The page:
Zaki's Review: Jason Bourne

Jason Bourne is back! And, to be honest, I kind of wish he'd stayed away.

Looking back, it's easy to forget how The Bourne Identity flew under the radar when it first hit theaters in the middle of the summer fourteen years ago. Arriving in June of '02 after being delayed nearly a year, the Doug Liman-directed adaptation of Robert Ludlum's bestseller, starring Matt Damon as amnesiac spy Jason Bourne, didn't have a mountain of hype behind it, but it nonetheless managed to more than triple its budget at the global box office on the strength of good word of mouth.

It was a true, organic hit -- one whose audience only grew on home video, and whose impact can be seen in the stylistic path that both the James Bond and Batman franchises followed in its wake. Although Paul Greengrass took over for Liman with 2004's The Bourne Supremacy, the film did even better than its predecessor, and when the trilogy wrapped in 2007 with The Bourne Ultimatum, not only was it the biggest hit yet for the series, but the storyline involving secret CIA operations and global operatives had come to a reasonable conclusion.

While Damon had previously said he was done with the role, Universal never gave up hope that he'd re-up, going so far as making 2012's Jeremy Renner starrer The Bourne Legacy, a sideways spin-off that specifically left the door open for the star to return. And so here we are nine years on, and the actor has once more stepped into his signature role for Jason Bourne (lest there be any doubt which character this film is about). However, while his re-teaming with Greengrass should be cause for celebration, it just feels tired and played out in the way so many sequels have this summer.

As this installment begins, Jason Bourne, having learned his true identity and origins at the close of the previous entry -- (Ultimatum, that is. As far as this one is concerned, Legacy may as well not exist.) -- is living off the grid and making ends meet as a bare-knuckle brawler. Of course, this being a Bourne picture it's not long before various corrupt corners of the CIA rear their head (this time led by Tommy Lee Jones' Director Dewey), and Our Man is once again drawn into a global chase that may or may not involve squaring off against another spy of equal skill (spoiler: it does).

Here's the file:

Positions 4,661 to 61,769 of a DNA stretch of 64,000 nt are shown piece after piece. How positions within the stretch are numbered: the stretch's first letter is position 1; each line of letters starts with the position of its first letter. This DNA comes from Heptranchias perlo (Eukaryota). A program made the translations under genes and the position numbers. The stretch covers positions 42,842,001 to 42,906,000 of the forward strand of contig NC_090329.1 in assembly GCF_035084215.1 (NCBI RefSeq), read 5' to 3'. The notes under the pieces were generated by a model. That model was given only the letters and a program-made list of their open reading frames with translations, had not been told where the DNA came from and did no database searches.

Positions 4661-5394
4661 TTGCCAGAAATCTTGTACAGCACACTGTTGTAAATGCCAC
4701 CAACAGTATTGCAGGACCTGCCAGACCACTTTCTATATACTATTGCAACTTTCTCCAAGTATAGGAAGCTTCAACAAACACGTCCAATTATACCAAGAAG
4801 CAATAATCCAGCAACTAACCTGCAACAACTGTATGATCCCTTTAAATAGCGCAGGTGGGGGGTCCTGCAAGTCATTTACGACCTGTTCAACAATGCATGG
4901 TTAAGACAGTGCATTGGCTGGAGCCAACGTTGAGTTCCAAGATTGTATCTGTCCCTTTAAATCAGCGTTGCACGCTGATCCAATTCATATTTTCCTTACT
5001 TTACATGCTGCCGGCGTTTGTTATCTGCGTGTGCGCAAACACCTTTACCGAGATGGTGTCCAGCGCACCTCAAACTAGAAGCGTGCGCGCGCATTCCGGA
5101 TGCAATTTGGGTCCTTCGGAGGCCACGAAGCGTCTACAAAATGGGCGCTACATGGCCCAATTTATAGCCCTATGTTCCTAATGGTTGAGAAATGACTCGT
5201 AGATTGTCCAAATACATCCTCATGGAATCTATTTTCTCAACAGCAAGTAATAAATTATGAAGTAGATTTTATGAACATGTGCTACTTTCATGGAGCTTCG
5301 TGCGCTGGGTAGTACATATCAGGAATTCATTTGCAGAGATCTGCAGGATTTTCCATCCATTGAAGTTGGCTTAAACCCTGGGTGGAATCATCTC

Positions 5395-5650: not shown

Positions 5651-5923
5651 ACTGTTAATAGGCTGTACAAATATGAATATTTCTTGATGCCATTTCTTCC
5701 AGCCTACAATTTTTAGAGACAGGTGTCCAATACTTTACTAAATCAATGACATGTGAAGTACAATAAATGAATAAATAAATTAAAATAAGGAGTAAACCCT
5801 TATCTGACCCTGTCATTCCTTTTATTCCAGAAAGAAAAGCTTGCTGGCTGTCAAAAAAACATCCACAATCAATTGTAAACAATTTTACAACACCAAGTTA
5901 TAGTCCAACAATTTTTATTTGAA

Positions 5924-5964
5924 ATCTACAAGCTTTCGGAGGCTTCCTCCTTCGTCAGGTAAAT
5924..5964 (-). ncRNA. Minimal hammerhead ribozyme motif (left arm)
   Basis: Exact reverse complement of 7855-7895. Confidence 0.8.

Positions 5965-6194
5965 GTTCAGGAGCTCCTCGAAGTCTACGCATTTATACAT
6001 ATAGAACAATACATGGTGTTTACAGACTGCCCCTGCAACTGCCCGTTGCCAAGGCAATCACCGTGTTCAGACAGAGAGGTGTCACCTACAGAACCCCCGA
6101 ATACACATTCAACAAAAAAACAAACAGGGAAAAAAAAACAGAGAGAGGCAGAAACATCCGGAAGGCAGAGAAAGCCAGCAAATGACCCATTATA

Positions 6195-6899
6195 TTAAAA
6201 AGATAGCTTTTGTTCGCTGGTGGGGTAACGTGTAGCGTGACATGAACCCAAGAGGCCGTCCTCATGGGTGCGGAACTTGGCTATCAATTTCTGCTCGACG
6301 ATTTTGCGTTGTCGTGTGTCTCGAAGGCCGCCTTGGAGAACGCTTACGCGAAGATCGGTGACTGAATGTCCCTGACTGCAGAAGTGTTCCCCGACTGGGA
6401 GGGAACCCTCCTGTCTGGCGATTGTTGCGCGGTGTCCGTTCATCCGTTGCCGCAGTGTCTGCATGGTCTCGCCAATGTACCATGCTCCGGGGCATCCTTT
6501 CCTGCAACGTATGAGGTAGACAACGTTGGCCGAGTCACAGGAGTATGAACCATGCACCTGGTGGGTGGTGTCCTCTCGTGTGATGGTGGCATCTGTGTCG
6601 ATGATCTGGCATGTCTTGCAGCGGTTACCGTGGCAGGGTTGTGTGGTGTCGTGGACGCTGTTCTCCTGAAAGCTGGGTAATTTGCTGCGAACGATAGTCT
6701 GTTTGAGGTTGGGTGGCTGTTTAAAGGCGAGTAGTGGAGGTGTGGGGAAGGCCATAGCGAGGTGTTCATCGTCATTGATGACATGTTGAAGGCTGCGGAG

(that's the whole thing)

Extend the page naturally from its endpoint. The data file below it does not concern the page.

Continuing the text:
With previous writer Gilroy (who wrote all four previous films and directed Legacy) absent, there's a weird "mad libs" feeling to Jason Bourne, as if screenwriters Greengrass and Christopher Rouse were less concerned with constructing an effective continuation of the storyline as they were with crossing beats off a checklist. As such, it's hard to feel much of anything for the primary subplot involving the CIA's collaborating with the designer of a new social media app meant to allow for a greater degree data-mining by the government (shades of last year's Terminator Genisys).

Even with franchise newbies like Jones (looking more disinterested than usual), Riz Ahmed, and Alicia Vikander adding some variety to the cast, it all still feels like a reheated TV dinner. Meanwhile, Damon comes off like a guest star in his own movie, with little in the way of dialogue, and still playing the same action beats from prior installments. By the way, I've long been a defender of Greengrass' trademark shaky-cam style of capturing action sequences, which rely more on the visceral sensation they provide than any narrative coherency, but Jason Bourne is where I finally get off that train.

There's an opening chase in Athens that's reasonably engaging, but by the time we got to the Las Vegas-set climax, I'd mentally checked out. The filming style had transcended "visceral" and landed right smack in "incomprehensible." This has been a summer of disappointing sequels, but I think Jason Bourne may be more disappointing than most given that after such a long wait for juuuust the right project, this undercooked nothing-burger of a story is what brought Damon in from the cold. In hindsight, it might have been better to maintain The Bourne Retirement. C-

For more movie talk, including our thoughts on Star Trek Beyond, check out the big 100th episode of the MovieFilm Podcast at this link or via the embed below: